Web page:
I am praying for United Methodist pastors waiting by the phone – literally or figuratively – to find out where they will be sent.  May the Triune God who in Christ knows it all, who knows exactly the paradox and the risk of ministry, bless and keep your heart strong.

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February 27, 2010 Posted by | Ministry, Religion, The Church, United Methodism | , , , , , , , , , | 1 Comment

In a Sea of Gray Hair

These days I am near-obsessed by two constants: (1) in church gatherings, young people make up the tiniest sliver of the whole group.  I get invited a fair amount to preach here and there and the experience is always the same: a bare few young people in an ocean of gray hair and wrinkled faces.  I mean no offense.  I have plenty of gray hair and some sagging flesh myself.   (2)  Young people really do feel judged and rejected by church people.  I’m genuinely puzzled, because I’m around church folk who truly are kind, gentle, friendly people.  And then I hear another mind-boggling, gut-twisting account from a college student who was told not to come back to church until (s)he straightens out a drinking problem.  I don’t know whether to cry or cuss.  Sometimes I do both.  

Did the student misunderstand?  Maybe.  We’d love to think so.  But I’ve heard stories like this one too often to explain it away as youthful misunderstanding.  Maybe it happens because we’re still “reading” young people through the tumults of the’60s.  Many churches who should be joyfully interacting with young people let this memory dictate their vision and their attitude.  

We mistakenly think of college students as 21st century versions of what we (Baby Boomers) were.  We helped to institutionalize the generation gap.  When we were college students, we felt deceived and angry.  We had discovered the deep hypocrises of “the Establishment,” which included churches and denominations.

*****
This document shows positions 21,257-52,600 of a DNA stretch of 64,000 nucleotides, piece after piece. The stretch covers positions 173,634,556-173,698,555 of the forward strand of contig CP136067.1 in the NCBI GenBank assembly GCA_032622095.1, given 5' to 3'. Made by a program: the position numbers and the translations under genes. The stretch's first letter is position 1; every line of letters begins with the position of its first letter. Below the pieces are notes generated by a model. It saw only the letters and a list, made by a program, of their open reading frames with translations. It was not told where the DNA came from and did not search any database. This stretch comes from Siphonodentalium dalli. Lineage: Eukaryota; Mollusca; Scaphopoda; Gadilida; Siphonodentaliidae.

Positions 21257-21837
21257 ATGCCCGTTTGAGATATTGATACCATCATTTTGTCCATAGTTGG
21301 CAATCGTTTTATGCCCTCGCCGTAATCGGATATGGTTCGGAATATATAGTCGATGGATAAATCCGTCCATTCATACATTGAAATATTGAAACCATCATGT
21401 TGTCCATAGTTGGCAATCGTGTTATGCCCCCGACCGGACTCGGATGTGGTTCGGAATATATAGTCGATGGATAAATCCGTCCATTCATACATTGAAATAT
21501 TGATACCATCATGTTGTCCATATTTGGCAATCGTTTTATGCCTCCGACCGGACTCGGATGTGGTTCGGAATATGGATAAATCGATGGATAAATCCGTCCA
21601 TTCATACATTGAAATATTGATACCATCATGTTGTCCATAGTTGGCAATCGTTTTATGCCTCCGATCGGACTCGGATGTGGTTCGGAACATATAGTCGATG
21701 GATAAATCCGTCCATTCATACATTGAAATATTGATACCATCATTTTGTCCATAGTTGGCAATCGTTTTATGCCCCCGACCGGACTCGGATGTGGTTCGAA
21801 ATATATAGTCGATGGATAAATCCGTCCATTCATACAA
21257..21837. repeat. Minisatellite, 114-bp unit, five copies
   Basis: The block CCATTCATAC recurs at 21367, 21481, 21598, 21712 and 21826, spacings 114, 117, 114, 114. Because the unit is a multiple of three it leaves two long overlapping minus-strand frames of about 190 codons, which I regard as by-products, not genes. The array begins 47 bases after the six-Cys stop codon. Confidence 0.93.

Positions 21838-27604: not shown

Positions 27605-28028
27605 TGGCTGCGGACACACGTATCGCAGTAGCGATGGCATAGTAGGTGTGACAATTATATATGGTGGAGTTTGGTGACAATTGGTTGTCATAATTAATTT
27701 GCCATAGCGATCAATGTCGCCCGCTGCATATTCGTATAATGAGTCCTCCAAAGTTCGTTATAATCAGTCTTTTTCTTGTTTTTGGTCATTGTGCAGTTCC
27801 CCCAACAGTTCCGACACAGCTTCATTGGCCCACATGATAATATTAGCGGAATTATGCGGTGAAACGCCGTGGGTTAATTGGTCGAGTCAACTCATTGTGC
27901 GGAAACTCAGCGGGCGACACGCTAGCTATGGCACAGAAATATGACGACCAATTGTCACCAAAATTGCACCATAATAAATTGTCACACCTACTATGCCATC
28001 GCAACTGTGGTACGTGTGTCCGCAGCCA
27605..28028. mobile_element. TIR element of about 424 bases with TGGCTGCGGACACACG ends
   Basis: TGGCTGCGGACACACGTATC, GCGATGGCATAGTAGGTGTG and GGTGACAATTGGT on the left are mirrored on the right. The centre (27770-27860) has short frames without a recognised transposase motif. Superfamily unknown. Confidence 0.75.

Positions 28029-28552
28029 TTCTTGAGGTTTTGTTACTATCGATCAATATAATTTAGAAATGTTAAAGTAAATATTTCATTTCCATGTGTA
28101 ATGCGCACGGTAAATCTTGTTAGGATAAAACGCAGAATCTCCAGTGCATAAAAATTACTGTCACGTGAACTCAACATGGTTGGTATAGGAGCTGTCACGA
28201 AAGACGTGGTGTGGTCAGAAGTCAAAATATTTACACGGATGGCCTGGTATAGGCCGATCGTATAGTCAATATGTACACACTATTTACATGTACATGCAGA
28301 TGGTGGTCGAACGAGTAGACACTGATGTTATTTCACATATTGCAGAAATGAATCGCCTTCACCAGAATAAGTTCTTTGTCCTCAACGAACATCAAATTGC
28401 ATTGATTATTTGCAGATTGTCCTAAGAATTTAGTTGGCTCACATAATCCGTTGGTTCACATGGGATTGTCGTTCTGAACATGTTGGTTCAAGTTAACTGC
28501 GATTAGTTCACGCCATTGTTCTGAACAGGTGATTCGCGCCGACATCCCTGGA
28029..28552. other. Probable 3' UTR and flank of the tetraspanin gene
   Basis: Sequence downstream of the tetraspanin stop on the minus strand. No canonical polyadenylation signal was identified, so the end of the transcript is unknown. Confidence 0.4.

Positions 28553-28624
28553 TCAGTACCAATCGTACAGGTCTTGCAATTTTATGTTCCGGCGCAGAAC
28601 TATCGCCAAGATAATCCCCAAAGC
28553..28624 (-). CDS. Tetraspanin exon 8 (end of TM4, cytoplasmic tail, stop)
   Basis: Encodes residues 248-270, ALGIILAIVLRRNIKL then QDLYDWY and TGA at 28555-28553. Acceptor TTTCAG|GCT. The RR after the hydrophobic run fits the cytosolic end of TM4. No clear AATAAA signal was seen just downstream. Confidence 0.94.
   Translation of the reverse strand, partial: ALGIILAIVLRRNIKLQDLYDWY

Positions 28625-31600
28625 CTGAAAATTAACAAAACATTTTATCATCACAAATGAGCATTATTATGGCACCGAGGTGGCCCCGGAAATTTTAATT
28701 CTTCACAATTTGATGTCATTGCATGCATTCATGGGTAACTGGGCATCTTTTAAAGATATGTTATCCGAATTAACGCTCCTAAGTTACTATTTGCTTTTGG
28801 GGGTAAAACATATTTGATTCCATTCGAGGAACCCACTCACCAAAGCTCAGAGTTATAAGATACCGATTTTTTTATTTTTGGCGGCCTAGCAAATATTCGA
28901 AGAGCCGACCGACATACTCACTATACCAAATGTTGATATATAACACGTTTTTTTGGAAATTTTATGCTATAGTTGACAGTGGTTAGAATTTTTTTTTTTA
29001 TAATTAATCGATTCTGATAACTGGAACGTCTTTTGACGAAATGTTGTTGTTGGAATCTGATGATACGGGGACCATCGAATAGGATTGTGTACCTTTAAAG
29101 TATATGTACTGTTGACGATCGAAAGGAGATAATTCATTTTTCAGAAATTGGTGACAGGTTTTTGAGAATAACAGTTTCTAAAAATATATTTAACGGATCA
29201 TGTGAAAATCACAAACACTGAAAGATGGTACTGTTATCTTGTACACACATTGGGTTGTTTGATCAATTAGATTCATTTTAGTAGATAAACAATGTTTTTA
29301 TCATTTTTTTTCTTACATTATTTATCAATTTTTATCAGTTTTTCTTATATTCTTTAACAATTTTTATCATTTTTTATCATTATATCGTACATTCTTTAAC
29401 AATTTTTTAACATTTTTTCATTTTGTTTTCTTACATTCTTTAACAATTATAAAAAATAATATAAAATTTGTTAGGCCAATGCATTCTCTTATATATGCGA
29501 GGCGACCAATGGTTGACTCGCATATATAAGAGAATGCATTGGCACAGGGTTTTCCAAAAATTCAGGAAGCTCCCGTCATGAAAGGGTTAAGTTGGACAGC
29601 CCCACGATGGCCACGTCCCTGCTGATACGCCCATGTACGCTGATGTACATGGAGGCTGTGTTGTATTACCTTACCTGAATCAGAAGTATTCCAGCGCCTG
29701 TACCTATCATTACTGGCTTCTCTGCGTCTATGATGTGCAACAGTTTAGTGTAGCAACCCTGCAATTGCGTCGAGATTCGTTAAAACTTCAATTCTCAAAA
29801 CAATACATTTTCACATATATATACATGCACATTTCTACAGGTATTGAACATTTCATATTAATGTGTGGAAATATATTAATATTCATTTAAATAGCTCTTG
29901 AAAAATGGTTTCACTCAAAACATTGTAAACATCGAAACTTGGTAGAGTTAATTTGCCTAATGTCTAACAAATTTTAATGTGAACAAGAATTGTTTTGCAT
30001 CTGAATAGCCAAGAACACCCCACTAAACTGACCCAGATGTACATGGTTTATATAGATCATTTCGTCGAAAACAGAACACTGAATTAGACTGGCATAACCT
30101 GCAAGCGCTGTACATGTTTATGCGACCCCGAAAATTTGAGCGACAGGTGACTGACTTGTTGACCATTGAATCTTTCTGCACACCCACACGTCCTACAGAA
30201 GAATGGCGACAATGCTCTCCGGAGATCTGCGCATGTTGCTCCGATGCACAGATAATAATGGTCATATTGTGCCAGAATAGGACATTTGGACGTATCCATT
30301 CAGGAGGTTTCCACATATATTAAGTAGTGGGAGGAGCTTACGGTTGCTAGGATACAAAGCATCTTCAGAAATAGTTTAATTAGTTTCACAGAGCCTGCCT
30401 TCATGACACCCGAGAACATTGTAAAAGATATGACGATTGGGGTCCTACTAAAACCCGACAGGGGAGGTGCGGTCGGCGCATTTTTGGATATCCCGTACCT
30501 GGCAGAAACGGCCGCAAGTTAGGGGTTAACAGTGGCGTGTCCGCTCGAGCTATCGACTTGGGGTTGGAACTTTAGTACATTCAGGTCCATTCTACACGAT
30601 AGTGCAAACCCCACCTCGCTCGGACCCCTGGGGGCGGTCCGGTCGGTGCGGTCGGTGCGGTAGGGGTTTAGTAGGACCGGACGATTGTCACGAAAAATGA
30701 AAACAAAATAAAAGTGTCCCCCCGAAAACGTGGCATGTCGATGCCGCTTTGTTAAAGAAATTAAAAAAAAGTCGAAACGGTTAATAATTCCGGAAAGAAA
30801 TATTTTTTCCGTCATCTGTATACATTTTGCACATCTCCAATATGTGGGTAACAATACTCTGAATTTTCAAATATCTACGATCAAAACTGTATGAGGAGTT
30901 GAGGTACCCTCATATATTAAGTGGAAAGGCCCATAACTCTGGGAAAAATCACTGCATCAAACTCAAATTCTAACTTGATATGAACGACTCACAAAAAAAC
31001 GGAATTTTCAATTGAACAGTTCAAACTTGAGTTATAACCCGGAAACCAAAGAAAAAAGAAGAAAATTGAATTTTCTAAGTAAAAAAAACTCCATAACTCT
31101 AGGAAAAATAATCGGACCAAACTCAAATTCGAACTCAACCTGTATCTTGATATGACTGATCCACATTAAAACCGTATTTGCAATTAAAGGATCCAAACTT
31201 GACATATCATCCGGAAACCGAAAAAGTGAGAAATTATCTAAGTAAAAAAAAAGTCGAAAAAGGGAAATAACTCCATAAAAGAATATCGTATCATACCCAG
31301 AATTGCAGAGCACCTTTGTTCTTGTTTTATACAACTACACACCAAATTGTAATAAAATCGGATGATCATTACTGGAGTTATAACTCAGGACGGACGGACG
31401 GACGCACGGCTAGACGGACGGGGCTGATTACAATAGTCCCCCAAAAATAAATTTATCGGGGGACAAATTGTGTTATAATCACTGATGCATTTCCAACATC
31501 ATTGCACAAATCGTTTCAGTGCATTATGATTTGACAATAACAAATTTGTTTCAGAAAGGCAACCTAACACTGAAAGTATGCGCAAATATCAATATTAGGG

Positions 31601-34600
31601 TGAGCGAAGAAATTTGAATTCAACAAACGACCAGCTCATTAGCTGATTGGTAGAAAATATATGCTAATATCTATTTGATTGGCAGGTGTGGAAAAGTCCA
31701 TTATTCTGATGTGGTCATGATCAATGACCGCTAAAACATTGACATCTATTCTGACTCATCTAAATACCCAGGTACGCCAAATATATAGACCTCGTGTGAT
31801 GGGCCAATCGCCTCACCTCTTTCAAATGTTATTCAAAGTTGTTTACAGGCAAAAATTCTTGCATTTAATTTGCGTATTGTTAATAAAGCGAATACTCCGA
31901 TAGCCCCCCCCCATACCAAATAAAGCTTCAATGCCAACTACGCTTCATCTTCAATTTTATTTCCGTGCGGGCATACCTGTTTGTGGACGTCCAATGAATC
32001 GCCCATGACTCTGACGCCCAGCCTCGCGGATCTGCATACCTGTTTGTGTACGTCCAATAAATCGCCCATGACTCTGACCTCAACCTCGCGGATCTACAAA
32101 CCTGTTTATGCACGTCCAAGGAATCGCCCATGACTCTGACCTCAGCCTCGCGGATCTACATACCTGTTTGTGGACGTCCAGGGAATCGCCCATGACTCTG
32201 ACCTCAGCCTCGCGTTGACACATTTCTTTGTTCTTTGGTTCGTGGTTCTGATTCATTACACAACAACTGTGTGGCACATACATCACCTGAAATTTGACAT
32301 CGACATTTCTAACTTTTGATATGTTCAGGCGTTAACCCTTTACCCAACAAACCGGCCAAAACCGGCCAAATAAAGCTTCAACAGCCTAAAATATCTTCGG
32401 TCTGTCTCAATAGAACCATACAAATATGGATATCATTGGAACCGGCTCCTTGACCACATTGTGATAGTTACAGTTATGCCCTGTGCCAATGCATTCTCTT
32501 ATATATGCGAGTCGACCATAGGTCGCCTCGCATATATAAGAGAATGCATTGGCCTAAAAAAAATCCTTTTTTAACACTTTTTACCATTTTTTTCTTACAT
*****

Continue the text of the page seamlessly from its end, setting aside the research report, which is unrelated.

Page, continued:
Today’s college students feel excluded and hurt, not deceived and angry. Church leaders, pay attention!   Woundedness can certainly manifest in angry words.  The attitudes of today’s college students can remind us of the ’60s, but let’s take care not to miss the critical difference.  

As a number of studies have pointed out, young people today are knee-jerk individualists.  It’s what they know.  It’s the language they use.  But we should not be fooled by the language and we most certainly should not mistake it for some kind of generation gap.  Under the confident exterior (which is sincere), many college students are scared to death to mess up.  They want to know if we’ll still love them if we discover they’re not perfect.    

I’ve said in other posts that I have little interest in rescuing a denomination, although I love The United Methodist Church.  But I have to say, there is something quite bizarre, even grotesque, about large gatherings of Christians that involve so few young people.

How do we take a collective look in the mirror and get concerned enough actually to do something more than talk?

April 6, 2009 Posted by | Religion, The Church, United Methodism | , , , , , , , , , | 12 Comments